The Mid-Atlantic Blog

January 20, 2006

Pulling Up The Library Ladder

£80 million of lottery money is about to be spent, says The Times, on British Libraries, but none of it on books.

Instead it will pay for buildings to be adapted for “services”, including Citizens Advice Bureaux and benefits — crèches, mother and toddler groups and t’ai chi, Pilates and fitness classes.

Now, some of these may well be very worthy indeed. But, as the article points out, this is coming at a time when 50 libraries are said to have been earmarked for closure in the last week alone.

And listen to the quote from Stephen Dunmore, from the Big Lottery fund, which is giving the grant:

The whole idea is that libraries provide a focus for community activity, converting the space so that it can be used in a more imaginative way. Libraries are about books, but there are ways of learning which don’t have to be book-based.

This rather misses the point, don't you think? There may well be ways of learning which don't have to be book-based. Museums, for example. National Trust properties. Swimming pools. Schools. Night Classes. The internet, even. Libraries, though, are about books.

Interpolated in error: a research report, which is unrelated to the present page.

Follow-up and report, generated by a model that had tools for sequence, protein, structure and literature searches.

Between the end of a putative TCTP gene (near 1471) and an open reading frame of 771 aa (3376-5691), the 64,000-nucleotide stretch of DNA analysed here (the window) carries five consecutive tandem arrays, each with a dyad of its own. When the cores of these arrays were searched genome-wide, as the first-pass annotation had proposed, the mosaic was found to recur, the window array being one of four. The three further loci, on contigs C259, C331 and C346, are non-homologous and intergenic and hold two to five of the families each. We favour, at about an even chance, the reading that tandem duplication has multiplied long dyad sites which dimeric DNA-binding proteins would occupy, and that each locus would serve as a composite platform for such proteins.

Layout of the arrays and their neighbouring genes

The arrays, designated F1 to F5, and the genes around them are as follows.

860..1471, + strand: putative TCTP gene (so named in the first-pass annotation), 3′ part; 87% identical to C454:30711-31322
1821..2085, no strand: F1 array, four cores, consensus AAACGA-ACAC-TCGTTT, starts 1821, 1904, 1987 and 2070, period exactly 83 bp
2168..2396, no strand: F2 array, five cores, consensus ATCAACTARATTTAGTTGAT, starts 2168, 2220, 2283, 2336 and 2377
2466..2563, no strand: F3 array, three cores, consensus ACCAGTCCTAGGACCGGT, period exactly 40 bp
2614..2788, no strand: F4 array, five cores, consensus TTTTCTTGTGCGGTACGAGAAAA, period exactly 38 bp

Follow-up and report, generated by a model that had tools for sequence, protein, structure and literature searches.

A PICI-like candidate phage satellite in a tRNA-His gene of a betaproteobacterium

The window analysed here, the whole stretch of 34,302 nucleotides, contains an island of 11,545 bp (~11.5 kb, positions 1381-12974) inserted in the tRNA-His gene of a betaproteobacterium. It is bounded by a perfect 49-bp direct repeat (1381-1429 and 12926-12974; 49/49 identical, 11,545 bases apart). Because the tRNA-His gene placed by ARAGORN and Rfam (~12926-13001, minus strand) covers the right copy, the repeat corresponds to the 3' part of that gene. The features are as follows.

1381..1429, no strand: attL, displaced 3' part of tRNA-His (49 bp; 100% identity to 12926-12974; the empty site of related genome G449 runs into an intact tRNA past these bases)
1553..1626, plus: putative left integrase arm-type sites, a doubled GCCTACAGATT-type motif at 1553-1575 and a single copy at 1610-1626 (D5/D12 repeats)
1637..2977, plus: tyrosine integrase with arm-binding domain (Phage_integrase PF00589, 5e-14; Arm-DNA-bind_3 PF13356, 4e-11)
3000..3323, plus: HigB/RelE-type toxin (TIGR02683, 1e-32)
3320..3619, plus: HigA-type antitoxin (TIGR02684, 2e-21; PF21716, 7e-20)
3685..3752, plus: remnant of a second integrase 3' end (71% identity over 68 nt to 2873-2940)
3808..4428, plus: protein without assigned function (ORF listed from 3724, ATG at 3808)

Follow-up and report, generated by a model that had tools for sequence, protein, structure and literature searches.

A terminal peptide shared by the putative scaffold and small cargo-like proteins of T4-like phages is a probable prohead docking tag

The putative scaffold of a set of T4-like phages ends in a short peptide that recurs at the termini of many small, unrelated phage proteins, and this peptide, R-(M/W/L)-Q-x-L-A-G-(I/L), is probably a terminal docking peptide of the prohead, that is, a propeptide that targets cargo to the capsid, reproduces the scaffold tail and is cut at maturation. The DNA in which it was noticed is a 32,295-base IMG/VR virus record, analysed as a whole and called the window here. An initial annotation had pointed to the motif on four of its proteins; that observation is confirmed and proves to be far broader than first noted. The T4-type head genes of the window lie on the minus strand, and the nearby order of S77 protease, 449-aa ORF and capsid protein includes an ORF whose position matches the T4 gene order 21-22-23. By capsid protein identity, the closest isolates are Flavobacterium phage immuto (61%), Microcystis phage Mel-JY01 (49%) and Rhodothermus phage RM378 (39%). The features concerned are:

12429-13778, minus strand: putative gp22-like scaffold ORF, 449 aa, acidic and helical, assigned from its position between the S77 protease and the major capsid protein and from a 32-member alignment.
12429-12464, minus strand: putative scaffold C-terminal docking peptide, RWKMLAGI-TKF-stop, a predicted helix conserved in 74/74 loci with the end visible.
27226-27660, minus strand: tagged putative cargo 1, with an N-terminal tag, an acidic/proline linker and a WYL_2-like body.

Why does this matter? A whole bunch of reasons. In a library we are all equal, with equal opportunities, and equal access to books. In a library a child from an otherwise underprivileged background can, should they wish, find a way out for their intellect (which will be useful for them whatever they eventually choose to do with their life). In a library we can find real depth of thought. In a library we can find opinions we wouldn't always find on-line going to our familiar web-sites, and can read them more deeply than looking at a screen. In a library a child can learn a love of books that can stay with them for their whole lives - their feel, their smell, their weight.

Who loses from this? The poorest, who don't get the chance to go to Amazon and drop £50 on a whim. Children, to whom whole avenues of our culture will be less available. All of us, because there is something powerful about the mere feeling of a huge building full of knowledge that you can't get anywhere else.

I'm a huge user of libraries even today, and many of my happiest early memories are of having the chance to go to our library (I can still see it and smell it 30 years later) and pick out a huge pile of books for the coming week, so I guess part of the reason for this screed is a personal, visceral reaction.

But it's more than that. We can't lose (though I fear we have already to a large extent) the ideas that motivated the foundation of this place, for example, in 1680. Libraries have been a huge source of good in our country, lifting many from poverty, and ensuring that everyone, whether miner, unemployed, call centre worker, doctor or investment banker has access, should they wish, to the best ideas humanity has created. We should be encouraging more money to be spent on books and more grants from the new rich (look at what Carnegie did with his money, for example).

And we should not be throwing out books.

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